September 3 Energy News

September 3, 2017

Opinion:

¶ “Is Utah missing the renewable energy boat?” • Rocky Mountain Power intends to invest $3.5 billion for renewable energy infrastructure to supply power for Utah. The bad news for Utah is that the money will be spent in Wyoming and Idaho. So the question for elected leaders and legislators from Utah’s more rural counties is, “Why?” [Deseret News]

PVs in Utah (Photo: Governor’s Office of Energy Development)

¶ “Will future storms will be worse than Harvey? The debate over climate and hurricanes” • At the time of Katrina, researchers published studies suggesting that more intense hurricanes were linked to rising ocean temperatures. After all, hurricanes get their energy from the warm waters. The big problem was a need for data, but that is no longer an issue. [Chicago Tribune]

¶ “Sen Kaine vows to help keep island’s Trump-backing residents from sinking below the waves” • Donald Trump’s numbskull minions continue to scrub “climate change” from government websites, documents, and grant proposals. But Tangier Island, whose people voted mainly for Trump, is disappearing, and climate denialism is not helping. [Daily Kos]

Tangier Island (Chesapeake Bay Program)

¶ “How Harvey has shown us the risks of climate change” • In a warmer world, heavy precipitation is on the rise, increasing the rainfall of a given storm. The sea level is rising, worsening the risks of coastal flooding. Now, scientists are exploring how human-induced change may affect storm intensity and the winds that steer the hurricanes. [Houston Chronicle]

World:

¶ Mexico is preparing for a third round of annual tenders for new supply projects to be auctioned in November. The first two rounds covered a combined 14.3 TWh of annual production. Mexico’s goal is to raise the share of renewables in the energy mix from around 20% currently to 35% by 2024 and to 50% by 2050. [OilPrice.com]

PV panels

¶ Warm temperatures have produced new high summer demand in Saskatchewan. SaskPower will invest approximately $1 billion in infrastructure projects this year across the province. New infrastructure projects over the next 13 years will also include doubling the power capacity that comes from the province’s renewable sources. [Weyburn This Week]

¶ Aside from the massive recurrent national grid investments in Nigeria, with costs running into several billion US dollars, the country is said to be spending N5 trillion ($14 billion) each year on distributed diesel generation, which has no connection with the national utility grid, but provides electricity for homes and businesses. [TODAY.NG]

Clifton Pier Power Station

¶ State-owned NTPC, based in New Delhi, recorded 12.55% growth in power generation in August this year as compared to the same month in 2016. The plant load factor increased 5.58%, and Koldam hydro power project generated electricity at its peak capacity during this period, but electricity from solar PVs rose by a factor of three. [Millennium Post]

¶ South African utility Eskom finds itself in the unusual position of having to find more customers as additional power from renewable energy companies becomes available to the grid by the end of October. Eskom has had an oversupply of electrical power with coal-burning power plants and new renewable projects. [Financial Mail]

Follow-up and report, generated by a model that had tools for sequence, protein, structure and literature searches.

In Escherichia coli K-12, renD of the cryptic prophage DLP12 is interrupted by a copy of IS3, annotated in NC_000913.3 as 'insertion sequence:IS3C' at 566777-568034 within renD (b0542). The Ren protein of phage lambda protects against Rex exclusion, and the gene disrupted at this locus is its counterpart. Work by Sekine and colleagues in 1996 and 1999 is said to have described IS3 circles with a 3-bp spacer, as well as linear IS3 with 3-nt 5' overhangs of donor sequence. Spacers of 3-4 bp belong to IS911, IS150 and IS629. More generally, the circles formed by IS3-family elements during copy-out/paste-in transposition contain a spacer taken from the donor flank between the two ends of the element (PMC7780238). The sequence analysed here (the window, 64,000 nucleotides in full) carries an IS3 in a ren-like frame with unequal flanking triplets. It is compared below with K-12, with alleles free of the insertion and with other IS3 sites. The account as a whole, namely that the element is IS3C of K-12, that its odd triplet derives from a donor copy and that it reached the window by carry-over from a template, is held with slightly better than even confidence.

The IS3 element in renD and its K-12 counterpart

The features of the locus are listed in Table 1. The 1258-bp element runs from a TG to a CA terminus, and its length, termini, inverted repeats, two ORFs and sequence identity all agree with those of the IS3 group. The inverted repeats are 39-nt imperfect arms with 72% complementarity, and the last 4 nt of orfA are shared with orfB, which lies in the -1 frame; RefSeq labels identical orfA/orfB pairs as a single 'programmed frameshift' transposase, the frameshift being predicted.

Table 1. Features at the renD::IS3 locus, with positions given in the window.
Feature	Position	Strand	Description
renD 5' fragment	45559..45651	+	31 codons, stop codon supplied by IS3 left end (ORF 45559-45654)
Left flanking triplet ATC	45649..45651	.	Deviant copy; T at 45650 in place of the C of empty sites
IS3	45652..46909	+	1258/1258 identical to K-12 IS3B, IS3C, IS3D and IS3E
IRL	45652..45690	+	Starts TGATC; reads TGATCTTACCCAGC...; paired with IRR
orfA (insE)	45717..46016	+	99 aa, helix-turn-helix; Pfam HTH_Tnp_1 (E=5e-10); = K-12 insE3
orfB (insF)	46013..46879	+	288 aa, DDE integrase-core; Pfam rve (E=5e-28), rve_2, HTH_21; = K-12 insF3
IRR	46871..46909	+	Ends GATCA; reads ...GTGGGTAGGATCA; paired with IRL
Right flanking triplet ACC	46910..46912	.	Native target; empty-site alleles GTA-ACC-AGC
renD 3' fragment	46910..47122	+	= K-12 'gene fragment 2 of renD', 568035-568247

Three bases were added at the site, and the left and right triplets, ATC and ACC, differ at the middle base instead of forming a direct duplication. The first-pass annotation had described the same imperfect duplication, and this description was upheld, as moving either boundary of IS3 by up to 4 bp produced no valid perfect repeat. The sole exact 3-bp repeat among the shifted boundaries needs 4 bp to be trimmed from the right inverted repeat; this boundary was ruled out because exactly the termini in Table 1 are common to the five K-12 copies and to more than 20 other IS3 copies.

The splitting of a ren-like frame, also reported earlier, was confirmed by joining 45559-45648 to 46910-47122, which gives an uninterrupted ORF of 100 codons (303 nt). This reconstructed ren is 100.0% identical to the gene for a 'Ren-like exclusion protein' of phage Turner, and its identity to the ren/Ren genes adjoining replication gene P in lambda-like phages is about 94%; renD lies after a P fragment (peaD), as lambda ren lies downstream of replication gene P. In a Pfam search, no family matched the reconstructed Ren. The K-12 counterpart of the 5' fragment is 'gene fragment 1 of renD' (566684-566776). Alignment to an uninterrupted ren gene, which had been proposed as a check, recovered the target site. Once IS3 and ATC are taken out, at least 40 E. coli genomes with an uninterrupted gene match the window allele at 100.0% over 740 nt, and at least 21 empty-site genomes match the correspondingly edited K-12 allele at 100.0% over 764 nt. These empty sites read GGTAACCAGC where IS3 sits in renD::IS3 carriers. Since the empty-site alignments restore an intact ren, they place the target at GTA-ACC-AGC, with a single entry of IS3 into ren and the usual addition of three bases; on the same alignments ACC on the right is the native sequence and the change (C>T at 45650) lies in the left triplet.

Wind turbines (Photo: William Campbell-Corbis via Getty Images)

¶ NRECA International selected Bandera Electric Cooperative to design and procure a solar and energy storage solution for Totota, Liberia, which is 160 km (100 mi) east of the capital, Monrovia. Power from 220 solar panels will be provided to about 400 homes. A 90-kWh battery system will be included in the system. [New Kerala]

¶ Solarplicity has revealed more details of its £1 billion solar program for social housing tenants. Details confirm that Maas Capital will invest £160 million to unlock a total of £1 billion. This will then be used for a residential installation program for 800,000 homes in England and Wales during the next five years. [Solar Power Portal]

Social housing install in Ealing (Credit: Solarplicity)

¶ According to the lead researcher of a study, 29.5% of workers at Fukushima Daiichi during the disaster have displayed symptoms of post-traumatic stress disorder, including flashbacks. About one in five TEPCO workers at neighboring Fukushima Daini plant also developed PTSD, even though the four reactors there were not damaged. [The Japan Times]

US:

¶ Montana coal production is more than 2 million tons ahead of where it was this time last year, although analysts say the future is far from bright for the fossil fuel. “A company that lost 30% of its market in the last couple years and gains back two points is technically doing better,” one analyst said. And new plants are just not being built. [Billings Gazette]

Coal being loaded into hopper cars (Associated Press)

¶ Significant rainfall and cooler temperatures may have dimmed the spirits of outdoor recreationists in Michigan this summer, but the weather has provided for an increase in the production of renewable energy from Upper Peninsula Power Company’s hydroelectric generation fleet, according to officials of the utility company. [Marquette Mining Journal]

¶ This year, the number of juvenile flounder caught by the Texas Parks & Wildlife Department in its annual survey hit an all-time low. For decades, the fish have been declining in numbers off the Texas coast. Over-fishing is one reason, but a main factor is environmental. Climate change has made the water too warm for spawning. [WRAL.com]

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